Humanity's Crisis Is Systemic and Overwhelming—And the Only Way Out Is to Create Bold New Systems
Photo Credit: Shutterstock.com/ grynold
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It is easy to become numb to the realities we face. We hear near daily reporting of severe crises covering so many aspects of people’s lives, they even include our survival on the planet. Sometimes these crises seem larger than anything humans have ever seen before.
Rather than becoming numb, many in the human community see this as an opportunity to put forward big visions for a very different future.
On the agenda are transformative issues like:
- Creating a new democratic economy where people control their economic future at a time when big finance capitalism continues its collapse and the wealth divide has become so extreme that 85 people have wealth equal to 3.5 billion people.
- Rebuilding the ecology of the planet at a time when the oceans are threatened, when there is mass species die-off and as climate change threatens the planet in ways humans can barely imagine.
- Ending the extraction economy and shifting to a carbon-free, nuclear-free energy economy when extraction has become extreme and risky with tar sands, fracking, mountain top removal and offshore oil drilling; and when the global impacts of the dangers of nuclear energy have become more evident as a result of Fukushima.
- Creating real privacy in our communications when technology allows the security state to conduct dragnet surveillance of virtually every communication by phone or the Internet on the planet.
- Ending war at a time when the war economy robs us of money needed for urgent necessities, when killing has become robotic and the deaths of civilians are hidden, when the most expensive and high tech military is unable to resolve conflict and when the war culture is infecting civilian police forces and youth culture.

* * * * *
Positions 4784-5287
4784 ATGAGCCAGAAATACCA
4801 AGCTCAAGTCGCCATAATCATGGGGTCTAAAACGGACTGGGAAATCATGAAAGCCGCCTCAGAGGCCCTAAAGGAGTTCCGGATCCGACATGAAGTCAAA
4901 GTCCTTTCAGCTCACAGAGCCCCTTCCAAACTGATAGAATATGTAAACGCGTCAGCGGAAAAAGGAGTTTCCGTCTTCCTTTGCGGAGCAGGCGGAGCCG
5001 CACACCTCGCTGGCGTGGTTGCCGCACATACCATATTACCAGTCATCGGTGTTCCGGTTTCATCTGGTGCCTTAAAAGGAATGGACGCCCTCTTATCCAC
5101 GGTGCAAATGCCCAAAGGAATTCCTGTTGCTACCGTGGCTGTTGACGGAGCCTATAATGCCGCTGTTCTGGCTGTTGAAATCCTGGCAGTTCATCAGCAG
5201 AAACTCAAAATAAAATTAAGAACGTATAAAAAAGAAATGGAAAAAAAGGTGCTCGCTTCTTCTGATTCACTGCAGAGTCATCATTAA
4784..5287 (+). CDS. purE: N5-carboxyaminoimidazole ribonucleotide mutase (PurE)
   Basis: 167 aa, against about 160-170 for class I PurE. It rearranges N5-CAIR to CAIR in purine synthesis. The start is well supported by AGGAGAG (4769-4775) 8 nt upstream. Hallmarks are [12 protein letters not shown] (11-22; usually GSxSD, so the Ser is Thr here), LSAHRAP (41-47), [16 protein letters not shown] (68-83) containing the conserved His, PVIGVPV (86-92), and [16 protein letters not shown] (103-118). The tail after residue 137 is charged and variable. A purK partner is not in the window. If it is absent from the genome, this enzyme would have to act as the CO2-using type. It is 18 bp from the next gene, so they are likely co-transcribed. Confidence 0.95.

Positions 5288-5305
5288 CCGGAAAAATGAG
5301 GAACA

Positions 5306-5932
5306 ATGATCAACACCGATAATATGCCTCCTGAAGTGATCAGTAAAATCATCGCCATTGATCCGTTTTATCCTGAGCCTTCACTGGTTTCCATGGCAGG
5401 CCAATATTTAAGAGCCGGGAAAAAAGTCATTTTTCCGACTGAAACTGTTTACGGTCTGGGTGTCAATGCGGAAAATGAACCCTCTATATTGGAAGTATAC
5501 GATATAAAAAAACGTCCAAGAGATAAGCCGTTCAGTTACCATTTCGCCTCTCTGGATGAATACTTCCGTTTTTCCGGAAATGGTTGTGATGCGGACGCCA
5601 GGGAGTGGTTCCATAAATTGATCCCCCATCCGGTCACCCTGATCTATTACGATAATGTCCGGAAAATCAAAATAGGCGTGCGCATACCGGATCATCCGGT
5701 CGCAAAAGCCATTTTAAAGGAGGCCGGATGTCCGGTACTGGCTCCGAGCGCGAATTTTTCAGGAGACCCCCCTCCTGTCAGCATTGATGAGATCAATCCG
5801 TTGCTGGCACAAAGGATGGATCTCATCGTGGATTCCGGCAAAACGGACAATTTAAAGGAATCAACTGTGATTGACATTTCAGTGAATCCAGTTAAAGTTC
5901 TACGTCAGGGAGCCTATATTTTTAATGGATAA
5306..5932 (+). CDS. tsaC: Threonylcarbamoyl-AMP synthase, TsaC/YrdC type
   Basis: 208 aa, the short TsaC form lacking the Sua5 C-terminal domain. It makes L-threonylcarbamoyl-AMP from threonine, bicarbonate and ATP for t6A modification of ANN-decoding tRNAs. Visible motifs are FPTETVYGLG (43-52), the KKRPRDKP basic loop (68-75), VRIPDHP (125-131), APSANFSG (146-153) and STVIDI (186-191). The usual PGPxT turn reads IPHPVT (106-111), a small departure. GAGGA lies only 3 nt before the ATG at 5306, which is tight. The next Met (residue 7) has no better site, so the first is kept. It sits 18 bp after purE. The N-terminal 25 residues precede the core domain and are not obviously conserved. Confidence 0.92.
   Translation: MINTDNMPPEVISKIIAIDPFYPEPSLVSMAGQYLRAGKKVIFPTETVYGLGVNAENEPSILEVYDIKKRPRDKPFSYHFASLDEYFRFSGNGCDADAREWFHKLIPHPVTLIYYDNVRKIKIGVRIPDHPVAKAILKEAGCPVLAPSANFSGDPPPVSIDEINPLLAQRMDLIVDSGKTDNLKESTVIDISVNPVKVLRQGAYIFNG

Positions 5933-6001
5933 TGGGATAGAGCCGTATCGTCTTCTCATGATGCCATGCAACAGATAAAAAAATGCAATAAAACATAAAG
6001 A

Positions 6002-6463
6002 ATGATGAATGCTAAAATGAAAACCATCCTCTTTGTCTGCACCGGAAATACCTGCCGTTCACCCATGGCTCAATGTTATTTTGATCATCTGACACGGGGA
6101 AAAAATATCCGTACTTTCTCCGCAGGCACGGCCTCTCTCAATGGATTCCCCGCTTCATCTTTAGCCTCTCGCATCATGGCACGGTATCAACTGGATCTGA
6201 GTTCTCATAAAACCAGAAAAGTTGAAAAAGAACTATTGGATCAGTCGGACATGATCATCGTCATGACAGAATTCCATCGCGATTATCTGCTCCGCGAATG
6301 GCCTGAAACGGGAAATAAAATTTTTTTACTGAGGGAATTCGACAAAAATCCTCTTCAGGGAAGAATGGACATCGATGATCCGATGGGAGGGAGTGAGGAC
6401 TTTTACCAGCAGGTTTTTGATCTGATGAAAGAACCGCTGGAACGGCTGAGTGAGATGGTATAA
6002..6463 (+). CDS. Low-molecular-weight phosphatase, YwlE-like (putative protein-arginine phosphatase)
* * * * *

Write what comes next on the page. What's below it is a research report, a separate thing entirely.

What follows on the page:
These are a few examples of many fronts where people are urging dramatic new approaches. Other examples are free post-high school education, healthcare for all in a non-profit system, rebuilding cities with vacant housing turned into housing for those who need it, low cost or free mass transit replacing dependence on cars, a guaranteed national income as robots take the place of humans, global trade that puts people and the planet before profits for the wealthiest and recognizing the legal rights of indigenous peoples. The list is long. The crises we face are consequences of the global neoliberal economic system; therefore, systemic transformation is needed.
One of the beautiful things about these visions is that they are all achievable. Thousands are already working to make them a reality.
A Systemic Crisis Links Issues: Climate, Economy, Energy and Social Justice
As the problems grow in size, the response also needs to grow to confront them. One of the most urgent situations we face is the climate crisis. But, the climate crisis does not stand alone.
Recently at an organizing meeting in Chicago, Tim DeChristopher, a climate justice activist, said that one of the reasons progress has not been made in solving the climate crisis is that it was relegated to the realm of being an environmental issue. In reality, the climate crisis affects every area of our lives from food and water security to health to jobs and housing and, of course, energy and the environment.
At the meeting, activists from around the country who work on a broad range of issues joined together to start organizing a Global Climate Convergence. Another organizer, Deneicha Powell describes it as “a new education and direct action campaign uniting people in an intentional and organized way from a broad spectrum of grassroots social justice movements including anti-poverty, labor, peace, economic, racial, indigenous, immigrant and environmental justice groups as well as Medicare for All, sustainable food and natural health advocates and Occupy Wall Street networks among others.”